Return to Ohio!

Dear Sandy,

I am just so sneaky!  When you left Ohio in August after our whirlwind week of sewing, I secretly kept a vintage block leftover from your “Christmas in Ohio” table runner.

For anyone reading this,  you can download Sandy’s amazing table runner pattern by clicking on this link:  Christmas in Ohio Nov 2018

So, what was I suppose to do with one leftover vintage Ohio Star block?  Well, I made a cute little mini quilt for you!  It was suppose to be a surprise but I just couldn’t help myself and have to share it with everyone.



I hand quilted this block to try and keep that vintage vibe you like so much.  It didn’t take me too long because it’s only 11 inches square.  Here’s a close up preview for you.


I’ll be popping this in the mail for you today.  I am thinking you might want to hang it in your office during the Christmas season.  I hope you’re not too mad at me for sneaking a block from your stash!  Please Return to Ohio so I can sneak more of your fabric into my stash!

Hugs to you and my adorable nephew (who has grown up way too fast)!

Love always, Cindy

P.S.  If you would like to make an Ohio Star Mini Quilt, click on the link below to download the pattern:

Ohio Star Mini Quilt GBD 11 15 18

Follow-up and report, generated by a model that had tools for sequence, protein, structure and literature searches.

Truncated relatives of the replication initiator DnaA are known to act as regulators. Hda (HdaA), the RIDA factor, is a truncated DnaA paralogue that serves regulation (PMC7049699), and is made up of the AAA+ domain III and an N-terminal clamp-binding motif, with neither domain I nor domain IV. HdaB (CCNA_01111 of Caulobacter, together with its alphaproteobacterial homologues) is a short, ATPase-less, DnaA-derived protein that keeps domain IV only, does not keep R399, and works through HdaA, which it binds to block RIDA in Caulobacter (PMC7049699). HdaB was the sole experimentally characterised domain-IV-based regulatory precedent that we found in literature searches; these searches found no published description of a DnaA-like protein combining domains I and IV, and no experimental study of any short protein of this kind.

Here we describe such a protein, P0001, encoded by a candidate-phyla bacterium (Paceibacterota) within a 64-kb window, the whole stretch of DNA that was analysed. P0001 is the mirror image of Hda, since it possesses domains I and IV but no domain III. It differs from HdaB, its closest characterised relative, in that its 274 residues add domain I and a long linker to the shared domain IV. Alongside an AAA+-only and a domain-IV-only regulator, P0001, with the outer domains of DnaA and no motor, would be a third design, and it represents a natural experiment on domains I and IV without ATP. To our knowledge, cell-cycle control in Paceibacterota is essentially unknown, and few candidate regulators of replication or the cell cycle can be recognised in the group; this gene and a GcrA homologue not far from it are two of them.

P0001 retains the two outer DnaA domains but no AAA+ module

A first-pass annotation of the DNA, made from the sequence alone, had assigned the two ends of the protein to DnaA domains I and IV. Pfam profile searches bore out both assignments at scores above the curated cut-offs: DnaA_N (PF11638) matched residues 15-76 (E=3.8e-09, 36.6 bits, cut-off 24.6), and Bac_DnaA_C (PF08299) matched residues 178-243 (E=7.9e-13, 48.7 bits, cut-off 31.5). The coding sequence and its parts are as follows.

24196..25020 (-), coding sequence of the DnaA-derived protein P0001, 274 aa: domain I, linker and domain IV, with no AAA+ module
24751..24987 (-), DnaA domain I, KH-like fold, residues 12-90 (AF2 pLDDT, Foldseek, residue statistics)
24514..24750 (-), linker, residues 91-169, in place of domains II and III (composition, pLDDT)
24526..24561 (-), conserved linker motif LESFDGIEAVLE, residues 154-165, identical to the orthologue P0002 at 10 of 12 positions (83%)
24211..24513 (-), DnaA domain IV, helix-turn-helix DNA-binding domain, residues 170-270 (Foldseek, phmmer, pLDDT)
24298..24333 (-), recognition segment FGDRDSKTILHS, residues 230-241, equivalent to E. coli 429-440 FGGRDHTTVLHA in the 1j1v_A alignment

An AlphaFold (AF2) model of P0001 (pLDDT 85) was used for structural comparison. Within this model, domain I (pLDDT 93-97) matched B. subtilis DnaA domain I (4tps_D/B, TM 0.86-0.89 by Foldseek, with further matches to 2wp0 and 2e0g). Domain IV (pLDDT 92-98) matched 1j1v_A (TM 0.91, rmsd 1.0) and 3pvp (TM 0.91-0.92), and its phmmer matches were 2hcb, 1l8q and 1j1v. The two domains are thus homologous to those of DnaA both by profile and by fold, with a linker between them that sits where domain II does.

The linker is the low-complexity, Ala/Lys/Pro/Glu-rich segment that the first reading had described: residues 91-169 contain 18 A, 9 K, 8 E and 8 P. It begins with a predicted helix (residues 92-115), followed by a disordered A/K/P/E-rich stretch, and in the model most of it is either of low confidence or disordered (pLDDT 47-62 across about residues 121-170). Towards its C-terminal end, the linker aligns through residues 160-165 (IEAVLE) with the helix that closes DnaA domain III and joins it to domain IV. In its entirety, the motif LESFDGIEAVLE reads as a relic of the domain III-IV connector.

Apple Butter Time

One of the last preserving tasks of the year is the making of the apple butter. This year the task had extra meaning because a friend of mine donated a milk crate full of organic apples to the cause. Yay!

I arrived on the farm bright and early on Saturday morning and mom and I dove into the job.

My father loves canning time too. Although he’s not a canner himself, he hangs around the kitchen and supervises the process. He has never said, but I think canning time reminds him of his childhood: he grew up in the farm house. So did his mother. So did his grandmother. A lot of canning has taken place in that old kitchen.

Making apple butter is pretty easy: just wash all the apples, core them and cut them into chunks.  The apple slices go into the pot with just a little bit of water to keep them from burning.